The Boston Red Sox are back at Fenway Park this season!
There are many different ways to save on Boston Red Sox Tickets, game day parking, and more to make a game a little manageable for the wallet!
Red Sox Tickets 101
*This post contains some affiliate links for some ticket sites mentioned and I receive a small percentage if you make a purchase through my link. Thank you.
Red Sox tickets directly through the Red Sox ticketing website start at $10 and go up to $189 for face-value tickets for non-premium seats.
Ticket fees are additional with a $7 processing fee on your total order and a few dollar fee per ticket as well.
Ticket prices for the Boston Red Sox work on a tier-pricing system with 5 different pricing options available with tier 1 being the most expensive and tier 5 being the least expensive.
Basically, low demand games (like a weeknight game in April) will be lower than high demand games (like a weekend game in the summer).
Cold month games, weekday games, undesirable opponents, standing room only tickets, and seats in the bleachers and grandstands will be the cheaper options.
Tier 5 games start at $10 and you can check out the Fenway Park Seating and Pricing guide for the complete breakdown of the tier-pricing system to find the perfect section for you based on preference and budget.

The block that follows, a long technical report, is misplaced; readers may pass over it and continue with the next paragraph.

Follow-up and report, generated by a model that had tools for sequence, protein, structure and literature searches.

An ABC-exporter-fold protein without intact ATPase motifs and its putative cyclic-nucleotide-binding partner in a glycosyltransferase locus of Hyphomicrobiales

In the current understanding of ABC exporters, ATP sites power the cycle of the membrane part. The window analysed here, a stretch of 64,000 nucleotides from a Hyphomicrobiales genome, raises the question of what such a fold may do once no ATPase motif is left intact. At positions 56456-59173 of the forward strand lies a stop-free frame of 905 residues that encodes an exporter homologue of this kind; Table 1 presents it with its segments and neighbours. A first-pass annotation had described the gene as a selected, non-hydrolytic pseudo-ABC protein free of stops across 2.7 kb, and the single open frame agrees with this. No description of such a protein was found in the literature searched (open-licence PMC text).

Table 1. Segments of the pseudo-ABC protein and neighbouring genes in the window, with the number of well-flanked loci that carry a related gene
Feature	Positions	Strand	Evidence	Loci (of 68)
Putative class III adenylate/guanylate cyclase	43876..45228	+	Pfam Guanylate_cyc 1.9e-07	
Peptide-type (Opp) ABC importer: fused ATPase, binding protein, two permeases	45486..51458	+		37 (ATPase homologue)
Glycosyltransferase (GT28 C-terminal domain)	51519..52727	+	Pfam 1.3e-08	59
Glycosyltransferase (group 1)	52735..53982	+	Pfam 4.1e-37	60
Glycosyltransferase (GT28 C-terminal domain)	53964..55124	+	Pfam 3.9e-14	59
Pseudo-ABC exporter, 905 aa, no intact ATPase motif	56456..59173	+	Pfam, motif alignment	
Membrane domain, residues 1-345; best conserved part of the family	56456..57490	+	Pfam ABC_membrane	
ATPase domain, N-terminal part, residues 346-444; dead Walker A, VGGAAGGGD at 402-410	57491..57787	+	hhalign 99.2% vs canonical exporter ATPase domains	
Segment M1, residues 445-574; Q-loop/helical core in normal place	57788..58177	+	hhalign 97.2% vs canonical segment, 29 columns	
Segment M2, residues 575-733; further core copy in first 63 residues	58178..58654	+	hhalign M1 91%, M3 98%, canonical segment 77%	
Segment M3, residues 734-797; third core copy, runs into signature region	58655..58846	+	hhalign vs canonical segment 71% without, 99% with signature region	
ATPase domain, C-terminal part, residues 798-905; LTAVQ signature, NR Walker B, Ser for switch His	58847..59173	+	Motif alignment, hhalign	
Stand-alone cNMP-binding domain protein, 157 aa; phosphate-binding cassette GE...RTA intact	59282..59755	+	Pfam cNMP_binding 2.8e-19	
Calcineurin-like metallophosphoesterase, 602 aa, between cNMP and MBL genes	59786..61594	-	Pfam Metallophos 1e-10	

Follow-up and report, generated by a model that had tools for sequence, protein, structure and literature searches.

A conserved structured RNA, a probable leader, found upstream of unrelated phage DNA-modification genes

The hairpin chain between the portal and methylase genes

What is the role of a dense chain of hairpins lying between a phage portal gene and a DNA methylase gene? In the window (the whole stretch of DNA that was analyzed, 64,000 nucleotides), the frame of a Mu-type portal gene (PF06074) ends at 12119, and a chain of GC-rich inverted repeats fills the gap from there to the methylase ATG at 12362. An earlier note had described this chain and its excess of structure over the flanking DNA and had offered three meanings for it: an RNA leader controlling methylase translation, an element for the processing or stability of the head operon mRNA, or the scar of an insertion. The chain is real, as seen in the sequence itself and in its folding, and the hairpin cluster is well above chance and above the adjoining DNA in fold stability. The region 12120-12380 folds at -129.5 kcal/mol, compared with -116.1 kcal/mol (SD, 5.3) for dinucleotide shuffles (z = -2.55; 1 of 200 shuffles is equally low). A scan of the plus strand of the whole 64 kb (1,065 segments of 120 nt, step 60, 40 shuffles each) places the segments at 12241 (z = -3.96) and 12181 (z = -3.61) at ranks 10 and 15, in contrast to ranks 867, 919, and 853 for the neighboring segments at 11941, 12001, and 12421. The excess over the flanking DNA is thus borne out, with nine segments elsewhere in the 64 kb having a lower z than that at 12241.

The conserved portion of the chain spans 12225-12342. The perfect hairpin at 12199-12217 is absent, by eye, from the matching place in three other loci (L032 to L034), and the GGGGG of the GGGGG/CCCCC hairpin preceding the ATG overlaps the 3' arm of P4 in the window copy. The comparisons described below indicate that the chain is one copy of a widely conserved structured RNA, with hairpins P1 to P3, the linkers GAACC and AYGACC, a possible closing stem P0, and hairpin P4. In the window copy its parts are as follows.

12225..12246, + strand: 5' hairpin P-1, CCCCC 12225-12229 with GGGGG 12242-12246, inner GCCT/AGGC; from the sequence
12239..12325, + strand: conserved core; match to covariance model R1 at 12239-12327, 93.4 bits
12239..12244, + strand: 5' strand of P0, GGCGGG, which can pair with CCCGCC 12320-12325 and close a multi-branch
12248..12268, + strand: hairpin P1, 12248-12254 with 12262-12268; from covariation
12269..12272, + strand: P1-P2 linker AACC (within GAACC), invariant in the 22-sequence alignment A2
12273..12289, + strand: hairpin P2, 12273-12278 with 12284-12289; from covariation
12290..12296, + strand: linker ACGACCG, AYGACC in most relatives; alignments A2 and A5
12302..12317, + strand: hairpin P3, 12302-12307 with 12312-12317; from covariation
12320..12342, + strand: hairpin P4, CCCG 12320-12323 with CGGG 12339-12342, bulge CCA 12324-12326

If you would like to have an idea of your view from different areas of Fenway Park, you can place your seats in the Red Sox seating chart or you can check out the map from Ace Tickets, which has different angles from different seats.
Keep in mind that Fenway Park is the oldest baseball stadium in America so there are seats with obstructed views and not directly facing the field; however, when you purchase tickets on RedSox.com there should be a little red asterisk warning you of the obstructed view before you purchase.
Tickets can be bought the day of the game, but only a limited amount of tickets are for sale beginning 90 minutes before game time at Gate E ticket window. You can wait in line up to 5 hours in advance for tickets, but you do need to proceed into the stadium once you receive your ticket.
This is not a guarantee way to buy tickets, and you do not know what seats are still available, if any. For more information for game day tickets through the Red Sox, please head here.
Also, ticket scalping is illegal in Massachusetts. However, there is a scalp-free zone at Gate C 90 minutes before game time and Red Sox personnel are on hand to monitor ticket sales between fans, if you’d rather go that route for tickets.
If you are visiting Fenway Park from out-of-state and have visited other ballparks, you may have showed up at the gate and got tickets right there at a decent price. I know I’ve done this for other major league baseball teams in the past, but the Boston Red Sox are a little different. You will run into a huge line and definitely a different experience from other ballparks.
It’s recommended to buy tickets ahead of time if you want a guarantee way to catch the game. Check the Red Sox Ticketing website for tickets and availability first as well as other sources.
Red Sox Ticket Promotions and More